Book Piles

What is more lovely than a pile of books wanting to be read?  (Besides a pile of European chocolate wanting to be eaten, that is.) Happy book piles rival sleeping baby faces, just-mown grass, and butter pecan ice cream. In fact, combining reading with a napping baby while smelling new-cut grass and rolling Butter Pecan ice cream over my tongue would pretty much approach my version of Nirvana. Throw in the chocolate, mate, and I won’t be back.
My current book piles are pictured below. Here is the one on my nightstand:
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Actually, since I took this pic a few days ago, I finished off Mothering Without a Map (an okay read), The #1 Ladies Detective Agency (marvelous!), The Lovely Bones (disturbing but well-done), and The Peacegiver (illuminating if somewhat contrived). I have already read Gilead but find it such a beautiful, powerful, soul-massaging experience that I keep it by my bed just because I like to think about it and sometimes revisit my favorite parts. And Austen’s Complete Works are also a revisit. A dose of Jane is great medicine, an exercise in language precision, subversive subtext, and well-rounded characterization. Mm, mm good.

This is the pile (bottom half mine) headed for exchange at the Book Nook (used book store in town):
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The only one I hate to see go is Outlander, a well-written page turner of an adventure involving time travel, Scotland, and great characters (including one of the most evil villains I’ve ever encountered. Shudder.) But it has some disturbing elements that still haunt me when I think about them, and I don’t want my two voracious little readers getting their hands on it. I will, however, be continuing the series on my own. The biggest disappointment in the pile is The Year of Magical Thinking, Joan Didion’s memoir and winner of the American Book Award. I found it to be a navel-gazing, name-dropping, self-absorbed exercise in boorishness that taxed my patience. I stuck with it til the end, hoping it would get better. It didn’t.

The beside-the-reading-chair pile:
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These are mostly books that are already read but that I refer back to constantly, such as gardening books, poetry, and Mormon feminist writings. The Irreantum collection (Mormon poetry, essays, short stories, art) is an as-yet-unread find that I got on eBay for five bucks. Yessss!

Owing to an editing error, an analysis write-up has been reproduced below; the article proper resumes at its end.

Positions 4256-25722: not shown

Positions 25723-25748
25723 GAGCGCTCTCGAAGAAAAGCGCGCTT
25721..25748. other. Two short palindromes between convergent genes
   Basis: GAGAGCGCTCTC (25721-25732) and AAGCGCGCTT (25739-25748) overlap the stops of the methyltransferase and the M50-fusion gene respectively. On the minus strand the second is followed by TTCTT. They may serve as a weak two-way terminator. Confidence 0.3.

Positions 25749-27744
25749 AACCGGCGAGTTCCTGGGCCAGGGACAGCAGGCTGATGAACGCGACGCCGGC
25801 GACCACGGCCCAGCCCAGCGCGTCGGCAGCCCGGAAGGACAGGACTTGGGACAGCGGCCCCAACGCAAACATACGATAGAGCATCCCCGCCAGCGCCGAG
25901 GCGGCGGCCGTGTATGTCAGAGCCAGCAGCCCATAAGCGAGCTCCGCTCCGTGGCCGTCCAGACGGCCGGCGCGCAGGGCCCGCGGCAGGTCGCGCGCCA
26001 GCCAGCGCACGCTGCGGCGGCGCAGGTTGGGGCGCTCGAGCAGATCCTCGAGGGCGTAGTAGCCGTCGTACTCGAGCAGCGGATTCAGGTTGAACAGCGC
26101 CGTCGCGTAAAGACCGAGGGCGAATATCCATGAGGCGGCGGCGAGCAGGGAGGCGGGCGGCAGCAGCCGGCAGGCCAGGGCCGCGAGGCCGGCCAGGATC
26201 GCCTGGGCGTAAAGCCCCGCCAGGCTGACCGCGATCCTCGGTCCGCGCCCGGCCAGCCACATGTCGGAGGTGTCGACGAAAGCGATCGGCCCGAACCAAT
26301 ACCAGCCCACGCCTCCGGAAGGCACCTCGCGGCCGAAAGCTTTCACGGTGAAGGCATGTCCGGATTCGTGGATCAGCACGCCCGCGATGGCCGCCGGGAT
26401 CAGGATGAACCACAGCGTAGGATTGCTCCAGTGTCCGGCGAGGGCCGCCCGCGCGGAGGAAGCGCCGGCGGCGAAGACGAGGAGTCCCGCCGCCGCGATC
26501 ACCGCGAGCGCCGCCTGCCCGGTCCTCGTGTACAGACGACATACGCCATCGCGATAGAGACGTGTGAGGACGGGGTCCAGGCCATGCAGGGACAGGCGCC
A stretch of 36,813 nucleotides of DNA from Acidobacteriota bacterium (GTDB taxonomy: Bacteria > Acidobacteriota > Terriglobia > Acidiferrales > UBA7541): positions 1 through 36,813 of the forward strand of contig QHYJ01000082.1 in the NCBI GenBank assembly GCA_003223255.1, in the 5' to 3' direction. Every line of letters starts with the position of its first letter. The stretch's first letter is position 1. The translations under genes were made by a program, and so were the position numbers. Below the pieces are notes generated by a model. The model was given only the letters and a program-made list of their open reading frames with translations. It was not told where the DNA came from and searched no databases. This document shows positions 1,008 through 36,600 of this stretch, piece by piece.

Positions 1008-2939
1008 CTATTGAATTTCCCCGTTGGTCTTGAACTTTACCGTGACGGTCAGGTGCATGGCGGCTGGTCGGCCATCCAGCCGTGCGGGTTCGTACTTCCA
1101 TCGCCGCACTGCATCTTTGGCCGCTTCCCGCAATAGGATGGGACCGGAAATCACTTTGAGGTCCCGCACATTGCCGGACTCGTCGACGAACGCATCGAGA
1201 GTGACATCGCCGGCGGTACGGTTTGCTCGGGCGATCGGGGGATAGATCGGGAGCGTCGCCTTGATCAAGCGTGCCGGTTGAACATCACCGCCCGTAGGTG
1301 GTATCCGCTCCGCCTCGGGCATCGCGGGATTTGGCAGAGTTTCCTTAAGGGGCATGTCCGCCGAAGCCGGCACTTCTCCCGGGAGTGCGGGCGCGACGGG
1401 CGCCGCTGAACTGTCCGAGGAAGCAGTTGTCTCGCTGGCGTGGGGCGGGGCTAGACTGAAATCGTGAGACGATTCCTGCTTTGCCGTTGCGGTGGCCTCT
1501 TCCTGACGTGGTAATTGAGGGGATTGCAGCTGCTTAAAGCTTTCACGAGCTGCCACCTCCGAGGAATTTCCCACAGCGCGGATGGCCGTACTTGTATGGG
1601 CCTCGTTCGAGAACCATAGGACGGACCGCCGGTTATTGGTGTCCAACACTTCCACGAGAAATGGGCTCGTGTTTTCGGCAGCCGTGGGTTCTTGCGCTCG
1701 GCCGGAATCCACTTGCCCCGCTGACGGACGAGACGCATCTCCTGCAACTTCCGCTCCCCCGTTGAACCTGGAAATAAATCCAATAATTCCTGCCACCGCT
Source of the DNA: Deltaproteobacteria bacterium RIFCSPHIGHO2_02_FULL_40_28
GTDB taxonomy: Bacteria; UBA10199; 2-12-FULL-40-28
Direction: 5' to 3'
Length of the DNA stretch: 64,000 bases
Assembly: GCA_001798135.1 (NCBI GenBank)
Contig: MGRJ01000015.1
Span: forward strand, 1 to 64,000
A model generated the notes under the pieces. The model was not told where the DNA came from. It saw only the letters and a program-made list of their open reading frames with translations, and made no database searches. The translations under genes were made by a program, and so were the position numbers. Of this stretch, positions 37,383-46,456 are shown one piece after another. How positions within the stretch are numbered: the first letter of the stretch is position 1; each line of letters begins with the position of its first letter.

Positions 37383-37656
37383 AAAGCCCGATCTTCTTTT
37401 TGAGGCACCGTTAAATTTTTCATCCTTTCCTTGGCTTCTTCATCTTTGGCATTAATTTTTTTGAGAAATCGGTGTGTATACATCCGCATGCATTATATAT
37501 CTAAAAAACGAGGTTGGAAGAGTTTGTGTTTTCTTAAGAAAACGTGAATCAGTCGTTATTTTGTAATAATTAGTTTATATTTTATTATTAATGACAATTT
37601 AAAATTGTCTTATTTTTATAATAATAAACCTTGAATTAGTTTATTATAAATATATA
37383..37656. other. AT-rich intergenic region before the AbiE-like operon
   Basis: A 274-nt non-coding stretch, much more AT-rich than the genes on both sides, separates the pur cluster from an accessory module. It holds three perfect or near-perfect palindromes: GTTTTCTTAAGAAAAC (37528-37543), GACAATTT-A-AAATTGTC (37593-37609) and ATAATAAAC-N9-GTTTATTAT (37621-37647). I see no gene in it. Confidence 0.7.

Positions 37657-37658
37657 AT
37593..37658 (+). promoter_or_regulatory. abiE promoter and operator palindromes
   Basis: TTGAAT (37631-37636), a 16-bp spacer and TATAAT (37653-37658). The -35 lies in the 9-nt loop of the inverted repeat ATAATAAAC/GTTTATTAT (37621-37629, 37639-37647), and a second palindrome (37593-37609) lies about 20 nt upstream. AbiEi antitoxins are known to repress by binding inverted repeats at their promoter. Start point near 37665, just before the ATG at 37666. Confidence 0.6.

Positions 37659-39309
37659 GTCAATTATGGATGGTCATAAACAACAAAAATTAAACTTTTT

The beside-the-reading-chair magazine and catalog pile:
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This is mostly mind-candy and eye-candy (gardening mags, people!), along with lotsa homeschooling catalogs.

The I-really-need-another-bookshelf pile:
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What are in your book piles?

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2 Comments

  1. Sijbrich said,

    May 16, 2007 at 1:40 pm

    I’ve got my own little stack by my bed, too. The husband doesn’t understand why I have so many books, but I’ve been especially good lately, and have been a frequent library patron to prevent the accumulation of even more books.
    So much to read, so little time.

    I am also Mormon. Where do you find Mormon Feminist writing? I’m curious(Just what I need – more things to read:-P).

  2. idahospud said,

    May 16, 2007 at 6:05 pm

    Howdy, Sijbrich!
    For amateur Mormon Feminist writing, click on Zelophehad’s Daughters or Feminist Mormon Housewives on my Blogroll. Exponent II blog at exponentblog.blogspot.com is MoFem also (actually, I’m gonna post that in my blogroll). For books, Carol Lynn Pearson is a great place to start: try Mother Wove the Morning (actually a play) or Daughters of Light (and you can check out my interview with her in the March 2007 archives of FMH). One of my favorite MoFem books is Women and Authority, edited by Maxine Hanks. The book is also available to read on the web, here:
    http://www.signaturebookslibrary.org/women/introduction.htm
    Many of the authors of the articles in Women and Authority have written other things; you can google them also.
    By the way, I love your blog. You are a great photographer (and you blog well, too! I’ll be visiting regularly). I loved your Italy pics–the purple flower you love is a vine called wisteria; it is one of my favorites, too.


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